I like the mix of flavours between those tiny sweet dried shrimps and the heady truffle oil. Then, there is the briny salty crunch of the tobiko (caviar) and cool cucumbers. If you like truffle oil, this noodle dish will suit you just fine.

These noodles are similar to one served at a Japanese eatery that I patronize.  They are getting increasingly popular and it is is no longer easy securing a table at short notice. On my last visit, I watched carefully as this dish was prepared. This rendition comes close to what they serve but of course it will never be as good as theirs.

Scroll down midway for the recipe, otherwise, read on about my short trip to Tokyo.

What did I do in Tokyo? Nothing much. The goal was to eat and that we did very well. With dessert twice a day for 4 straight days! Clearly the food got past my lips and into my mouth faster than my brain could process the words “No, don’t do it!”.

The Japanese have such wonderfully marbled beef.

Not only did I have dessert twice a day – after lunch and dinner, it was not uncommon for me to order 2 plates of dessert per sitting. I know. There is no excuse. I am greedy. It helps that Japanese wait staff are nonjudgmental. None of them ever batted an eyelid whenever my dining partner and I ordered 4 desserts between the 2 of us. I have attached pictures of some of my favourite desserts for you to drool over.  Excuse me now, while I go back on the treadmill. You drool on.

Update: Want to view a few more drool worthy pictures from my latest food trip to Tokyo, click, Green Tea Cookies With Citrusy Yuzu Peel & A Sampling Of My Latest Tokyo Food Excursion.

Henri Charpentier cafe at Nihonbashi Takashimya. Crepe Suzette. So silky. The caramelised sauce had just the right amount of Grand Marnier and sweetness -I so wanted to pick up the plate to lick it all up.


Henri Charpentier cafe at Nihonbashi Takashimya. It is chestnut season now. Their Mont Blanc had the best taste of chestnuts yet it was the lightest of all the Mont Blanc I had had in Tokyo.


Henri Charpentier cafe at Nihonbashi Takashimya. Mille Crepe. Perfect. Sometimes too much of a good thing can make you feel ill. Not this. It is almost as light as a feather.


See the bowl of jewelled dessert (anmitsu) below? I want more! Toraya is a well established producer of traditional Japanese confections. With a history going back to the 16th century, they certainly know how to make their sweets. It was the only sweet shop I had to make a return trip to. I was at their cafes in Ginza and the basement food hall of Isetan Shinjuku. The bowl of anmitsu had these bouncy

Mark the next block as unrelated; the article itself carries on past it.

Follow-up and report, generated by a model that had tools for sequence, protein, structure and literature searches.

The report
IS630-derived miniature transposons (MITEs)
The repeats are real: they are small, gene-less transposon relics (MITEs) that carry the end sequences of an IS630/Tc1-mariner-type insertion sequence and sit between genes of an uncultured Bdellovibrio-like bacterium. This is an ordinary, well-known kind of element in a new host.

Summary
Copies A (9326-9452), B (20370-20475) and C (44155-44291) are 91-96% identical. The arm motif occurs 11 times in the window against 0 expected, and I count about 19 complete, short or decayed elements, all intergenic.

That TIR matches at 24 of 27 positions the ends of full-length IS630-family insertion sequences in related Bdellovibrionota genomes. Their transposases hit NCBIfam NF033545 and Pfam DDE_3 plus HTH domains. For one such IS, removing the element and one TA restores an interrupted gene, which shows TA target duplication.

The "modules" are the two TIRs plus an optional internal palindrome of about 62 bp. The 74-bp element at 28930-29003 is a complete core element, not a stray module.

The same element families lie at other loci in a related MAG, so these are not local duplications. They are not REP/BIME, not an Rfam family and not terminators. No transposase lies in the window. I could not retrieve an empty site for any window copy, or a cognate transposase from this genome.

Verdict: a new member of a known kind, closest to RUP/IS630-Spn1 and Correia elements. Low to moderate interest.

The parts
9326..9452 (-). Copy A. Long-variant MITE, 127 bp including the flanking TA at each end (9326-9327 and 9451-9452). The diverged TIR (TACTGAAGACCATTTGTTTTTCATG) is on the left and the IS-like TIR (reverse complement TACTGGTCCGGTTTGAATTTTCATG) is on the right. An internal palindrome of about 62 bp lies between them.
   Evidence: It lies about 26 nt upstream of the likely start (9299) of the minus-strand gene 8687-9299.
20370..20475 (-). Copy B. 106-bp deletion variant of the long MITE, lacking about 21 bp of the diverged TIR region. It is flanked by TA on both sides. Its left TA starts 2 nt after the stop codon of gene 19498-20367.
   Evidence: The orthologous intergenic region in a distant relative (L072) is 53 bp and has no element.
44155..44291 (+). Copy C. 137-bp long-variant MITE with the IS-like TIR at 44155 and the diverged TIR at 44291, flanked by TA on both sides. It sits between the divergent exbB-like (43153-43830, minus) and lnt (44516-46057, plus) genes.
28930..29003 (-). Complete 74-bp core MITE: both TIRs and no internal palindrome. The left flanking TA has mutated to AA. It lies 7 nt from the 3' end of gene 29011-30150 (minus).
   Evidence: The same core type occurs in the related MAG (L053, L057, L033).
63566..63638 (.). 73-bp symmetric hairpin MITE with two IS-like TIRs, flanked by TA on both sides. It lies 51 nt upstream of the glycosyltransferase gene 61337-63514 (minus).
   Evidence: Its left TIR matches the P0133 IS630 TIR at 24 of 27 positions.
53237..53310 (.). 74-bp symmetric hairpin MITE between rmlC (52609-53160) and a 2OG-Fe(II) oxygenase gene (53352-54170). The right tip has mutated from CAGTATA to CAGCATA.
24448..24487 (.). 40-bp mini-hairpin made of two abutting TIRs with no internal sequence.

, coloured agar (jelly). Each coloured jelly was flavoured differently. The beans were barely sweetened. The white mochi balls (shiratama dango) are so smooth. The red bean paste (anko) even smoother. Finally, the pink rectangular shaped confection (gyuhi) were a softer and less glutinous version of mochi. It was so good, I hunted them down and bought 3 boxes!  The whole dessert is drizzled with a black sugar syrup (koromitsu) (spot it in that little glass jar above the spoon). Then, you wash it all down with a well whisked, frothy matcha green tea. 

At Takashimaya Patissieria situated in the basement food hall of Takashimaya Shinjuku, let your eyes feast over 100 cakes, chosen from some of the best Tokyo patisseries. How convenient and all sized down to fit your plate! That orange concoction had a base layer of biscuit, then a light sponge, a lightly flavoured and textured orange cream with a smidgen of chocolate in its centre. It was brushed with an intensely orange flavoured glaze. Loved that!

Japanese Inspired Truffle Noodles With Tiny Shrimps, Tobiko & Cucumbers

Prep: 20 minutes 
Cook: 10 minutes or less
Inactive:
Level: Moderate
Makes: 2
Oven Temperature:
Can recipe be doubled? Yes
Make ahead? No

Ingredients

Measurements for this recipe are approximates as salt levels in ingredients varies across labels. So adjust amount of ingredients to suit your taste.

1 large pot of water
1 Tablespoon of salt
~8.8oz (250g) somenOR ~250g angel hair pasta
~1 small seedless cucumber (to get ~1 cup worth)**
~3 Tablespoons (0.35oz)(10g) finely chopped chives
~4 Tablespoons tiny dried Japanese shrimps (sakura ebi)***
~1.7oz (50g) of any one of the 4 fish roe below:
Japanese flying fish roe (tobiko)*
Japanese shrimp roe (ebiko)**
Japanese salmon roe (ikura shoyu)***
Lumpfish roe****
~6 + 1.5 Tablespoons truffle oil
~1.5 Tablespoons Kikkoman soy sauce*
~3 Tablespoons of furikake (any flavour)**
* Very narrow-width Japanese wheat noodles. Often sold dried. Available in Asian grocery stores and most supermarkets. I use gluten free somen made with rice floor. The brand I use is very good. It is made in Japan by Kobayashi Noodle Co. Ltd., and is sold under the label ‘Gluten Free Meister’.  Refer to photograph of ingredients. I bought mine from a gourmet supermarket but I noticed that Amazon sells them.
** I use cucumbers labelled as ‘Japanese or Kyuri Cucumbers’. They are ~1″ (2.5 cm) in diameter and ~10″ (20.5 cm) in length.  Skins and seeds which are underdeveloped can be eaten and are ideal for salads and sandwiches. If you don’t have access to these, you would mostly likely have to peel your cucumbers and if the seeds are large and unpalatable, discard them. Image below.